Good suggestions, definitely. For me all but one crash, ironically, have resulted from my own failure to recognize I wasn't focused enough for the ride. That's the only other thing I'd add to your list. The two items you put up there I do actively and they have, indeed, saved me from many a collision

SportbikeWorld Supermoderator

Dragging knee is for the track, and dragging tail is for the lot. --Kane Friesen

When you're in a car, you're watching a movie; when you're on a bike, you're in the movie. --Robert Pirsig

Identity theft is not Fun
kanwisch is offline  
post #133 of 139 (permalink) Old 04-07-2008, 05:00 AM
Lifetime Premium
 
snakesht's Avatar
 
Join Date: Aug 2004
Location: Springfield, OH
Posts: 3,449
Send a message via AIM to snakesht
Quote:
Originally Posted by kanwisch View Post
For me all but one crash, ironically, have resulted from my own failure to recognize I wasn't focused enough for the ride. That's the only other thing I'd add to your list.
+1. Lack of focus can cause a crash in no time. I'm a perfect example of that, since my first crash happened pulling out of a driveway. Shortest ride I ever took. I had several thousand miles under my belt, but that doesn't make a damn bit of difference.

"The only difference between death and taxes is that death doesn't get worse every time Congress meets."
-Will Rogers
snakesht is offline  
 
post #134 of 139 (permalink) Old 10-11-2008, 10:24 AM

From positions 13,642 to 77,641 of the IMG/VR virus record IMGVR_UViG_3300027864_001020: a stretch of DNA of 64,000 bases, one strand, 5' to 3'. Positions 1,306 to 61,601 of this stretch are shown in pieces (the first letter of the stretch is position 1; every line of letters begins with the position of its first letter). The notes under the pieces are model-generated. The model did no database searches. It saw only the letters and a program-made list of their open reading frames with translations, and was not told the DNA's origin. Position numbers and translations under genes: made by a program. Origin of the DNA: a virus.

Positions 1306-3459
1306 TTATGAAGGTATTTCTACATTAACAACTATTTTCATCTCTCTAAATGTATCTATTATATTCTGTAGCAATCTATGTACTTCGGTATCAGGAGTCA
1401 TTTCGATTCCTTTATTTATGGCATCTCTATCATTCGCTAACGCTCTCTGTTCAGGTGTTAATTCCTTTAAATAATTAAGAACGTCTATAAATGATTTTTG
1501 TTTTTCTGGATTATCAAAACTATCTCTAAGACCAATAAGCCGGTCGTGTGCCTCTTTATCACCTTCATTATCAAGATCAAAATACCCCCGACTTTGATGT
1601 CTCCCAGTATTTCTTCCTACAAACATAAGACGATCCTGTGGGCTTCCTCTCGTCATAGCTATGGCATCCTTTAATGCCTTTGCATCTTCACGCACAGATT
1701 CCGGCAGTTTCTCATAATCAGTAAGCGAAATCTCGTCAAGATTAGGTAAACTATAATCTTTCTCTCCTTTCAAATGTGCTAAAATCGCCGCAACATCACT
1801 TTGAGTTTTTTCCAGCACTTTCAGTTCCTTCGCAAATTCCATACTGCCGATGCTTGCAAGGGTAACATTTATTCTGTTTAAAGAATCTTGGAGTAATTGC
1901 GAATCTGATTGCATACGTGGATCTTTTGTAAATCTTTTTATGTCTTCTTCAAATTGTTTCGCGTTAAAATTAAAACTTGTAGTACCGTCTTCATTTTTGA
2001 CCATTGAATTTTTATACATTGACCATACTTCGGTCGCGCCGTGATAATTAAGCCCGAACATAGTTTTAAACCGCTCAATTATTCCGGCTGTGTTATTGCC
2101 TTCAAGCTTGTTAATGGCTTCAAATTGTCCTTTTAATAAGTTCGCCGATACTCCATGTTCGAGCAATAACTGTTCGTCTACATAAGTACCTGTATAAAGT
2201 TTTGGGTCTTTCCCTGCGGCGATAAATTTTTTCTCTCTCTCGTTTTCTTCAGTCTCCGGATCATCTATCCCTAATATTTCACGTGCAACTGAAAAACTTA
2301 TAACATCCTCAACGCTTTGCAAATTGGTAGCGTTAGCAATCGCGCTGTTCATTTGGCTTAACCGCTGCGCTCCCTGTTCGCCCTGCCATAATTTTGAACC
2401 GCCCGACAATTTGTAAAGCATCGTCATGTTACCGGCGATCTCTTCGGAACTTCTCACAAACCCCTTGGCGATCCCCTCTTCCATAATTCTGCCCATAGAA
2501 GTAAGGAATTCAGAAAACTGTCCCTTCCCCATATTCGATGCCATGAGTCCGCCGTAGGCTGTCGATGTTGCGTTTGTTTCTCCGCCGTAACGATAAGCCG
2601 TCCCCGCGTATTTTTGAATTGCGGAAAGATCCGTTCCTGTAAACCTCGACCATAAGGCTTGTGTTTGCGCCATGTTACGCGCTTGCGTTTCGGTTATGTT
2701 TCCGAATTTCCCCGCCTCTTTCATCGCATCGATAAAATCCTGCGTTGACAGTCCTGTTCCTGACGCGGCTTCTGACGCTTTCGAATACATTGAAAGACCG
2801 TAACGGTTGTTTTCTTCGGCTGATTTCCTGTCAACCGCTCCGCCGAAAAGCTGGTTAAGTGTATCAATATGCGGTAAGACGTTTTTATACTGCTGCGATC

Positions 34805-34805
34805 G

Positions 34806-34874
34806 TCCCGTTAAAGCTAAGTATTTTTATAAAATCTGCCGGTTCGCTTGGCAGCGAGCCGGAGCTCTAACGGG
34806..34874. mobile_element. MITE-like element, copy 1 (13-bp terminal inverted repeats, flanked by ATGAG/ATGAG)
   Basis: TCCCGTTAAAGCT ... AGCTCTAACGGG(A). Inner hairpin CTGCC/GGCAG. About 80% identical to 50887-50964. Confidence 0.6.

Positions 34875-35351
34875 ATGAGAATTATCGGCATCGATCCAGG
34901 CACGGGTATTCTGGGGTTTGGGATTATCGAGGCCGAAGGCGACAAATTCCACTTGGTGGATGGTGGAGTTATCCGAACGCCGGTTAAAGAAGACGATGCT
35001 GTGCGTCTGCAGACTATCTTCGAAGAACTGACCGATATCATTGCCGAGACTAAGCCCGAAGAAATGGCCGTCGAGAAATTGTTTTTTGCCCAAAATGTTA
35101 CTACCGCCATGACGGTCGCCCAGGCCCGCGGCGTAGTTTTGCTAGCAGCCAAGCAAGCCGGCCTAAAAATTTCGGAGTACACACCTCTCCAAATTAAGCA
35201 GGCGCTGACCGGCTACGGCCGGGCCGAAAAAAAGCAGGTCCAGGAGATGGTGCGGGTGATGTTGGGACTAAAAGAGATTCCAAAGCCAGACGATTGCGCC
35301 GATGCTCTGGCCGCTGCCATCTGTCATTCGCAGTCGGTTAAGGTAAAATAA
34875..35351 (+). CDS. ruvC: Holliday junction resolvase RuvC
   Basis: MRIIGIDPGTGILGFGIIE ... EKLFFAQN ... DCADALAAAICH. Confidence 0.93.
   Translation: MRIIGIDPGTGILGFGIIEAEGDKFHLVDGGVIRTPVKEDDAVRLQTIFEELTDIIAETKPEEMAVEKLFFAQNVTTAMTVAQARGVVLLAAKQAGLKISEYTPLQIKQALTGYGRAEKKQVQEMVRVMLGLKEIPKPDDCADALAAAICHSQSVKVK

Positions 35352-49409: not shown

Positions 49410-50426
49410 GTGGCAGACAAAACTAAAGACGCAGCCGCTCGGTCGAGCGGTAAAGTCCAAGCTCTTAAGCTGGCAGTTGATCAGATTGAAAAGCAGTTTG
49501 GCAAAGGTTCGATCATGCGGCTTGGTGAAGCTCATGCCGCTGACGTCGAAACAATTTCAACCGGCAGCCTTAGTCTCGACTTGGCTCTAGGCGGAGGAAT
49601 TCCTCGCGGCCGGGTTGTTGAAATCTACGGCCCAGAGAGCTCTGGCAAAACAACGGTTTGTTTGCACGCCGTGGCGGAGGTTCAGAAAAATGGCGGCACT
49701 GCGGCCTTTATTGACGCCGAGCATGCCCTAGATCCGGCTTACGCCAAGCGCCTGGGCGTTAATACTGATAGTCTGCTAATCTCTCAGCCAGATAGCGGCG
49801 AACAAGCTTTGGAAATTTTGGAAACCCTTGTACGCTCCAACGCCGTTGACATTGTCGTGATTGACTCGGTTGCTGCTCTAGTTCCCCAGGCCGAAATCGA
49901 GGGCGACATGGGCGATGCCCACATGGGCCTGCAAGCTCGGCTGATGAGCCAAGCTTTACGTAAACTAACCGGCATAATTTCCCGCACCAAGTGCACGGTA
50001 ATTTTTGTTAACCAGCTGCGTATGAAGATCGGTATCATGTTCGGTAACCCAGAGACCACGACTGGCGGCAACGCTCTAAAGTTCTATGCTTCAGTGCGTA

Join Date: Oct 2008
Posts: 5
just got my 07 gsxr 600...bout 5 months on it..driving down a back road that i always ride...tons of tight turns and hills...anyways i was doin about 65mph round a turn( to left) and i see a bright a$$ orange sign saying loose gravel!!! yeah talk bout one fo those oh shit moments.. well i immediately started braking but too late, huge rocks, hell almost bricks...i went down no doubt doin about 50mph slid into an oak tree... tore the left side of my bike pretty bad...turns out a logging company just made a new gravel road and dropped some rocks(bricks) in the road...watch signs!!!!!!
07gsxr600red is offline  
post #135 of 139 (permalink) Old 10-27-2009, 07:14 PM
Registered User
 
Join Date: Oct 2009
Location: Chicago
Posts: 21
Quote:
Originally Posted by 07gsxr600red View Post
just got my 07 gsxr 600...bout 5 months on it..driving down a back road that i always ride...tons of tight turns and hills...anyways i was doin about 65mph round a turn( to left) and i see a bright a$$ orange sign saying loose gravel!!! yeah talk bout one fo those oh shit moments.. well i immediately started braking but too late, huge rocks, hell almost bricks...i went down no doubt doin about 50mph slid into an oak tree... tore the left side of my bike pretty bad...turns out a logging company just made a new gravel road and dropped some rocks(bricks) in the road...watch signs!!!!!!

So what is the proper procedure when you suddenly find yourself on loose gravel? I had a wipe out on a little Honda CT70 once when I entered a turn with gravel and had a bad habit of only braking with the front wheel. In a split second I was on the asphalt sideways. Had roadrash everywhere.
Therion is offline  
post #136 of 139 (permalink) Old 10-28-2009, 04:56 AM
Strength and Honor
 
kanwisch's Avatar
 
Join Date: Oct 2002
Location: Central IN
Posts: 6,144
Quote:
Originally Posted by Therion View Post
So what is the proper procedure when you suddenly find yourself on loose gravel? I had a wipe out on a little Honda CT70 once when I entered a turn with gravel and had a bad habit of only braking with the front wheel. In a split second I was on the asphalt sideways. Had roadrash everywhere.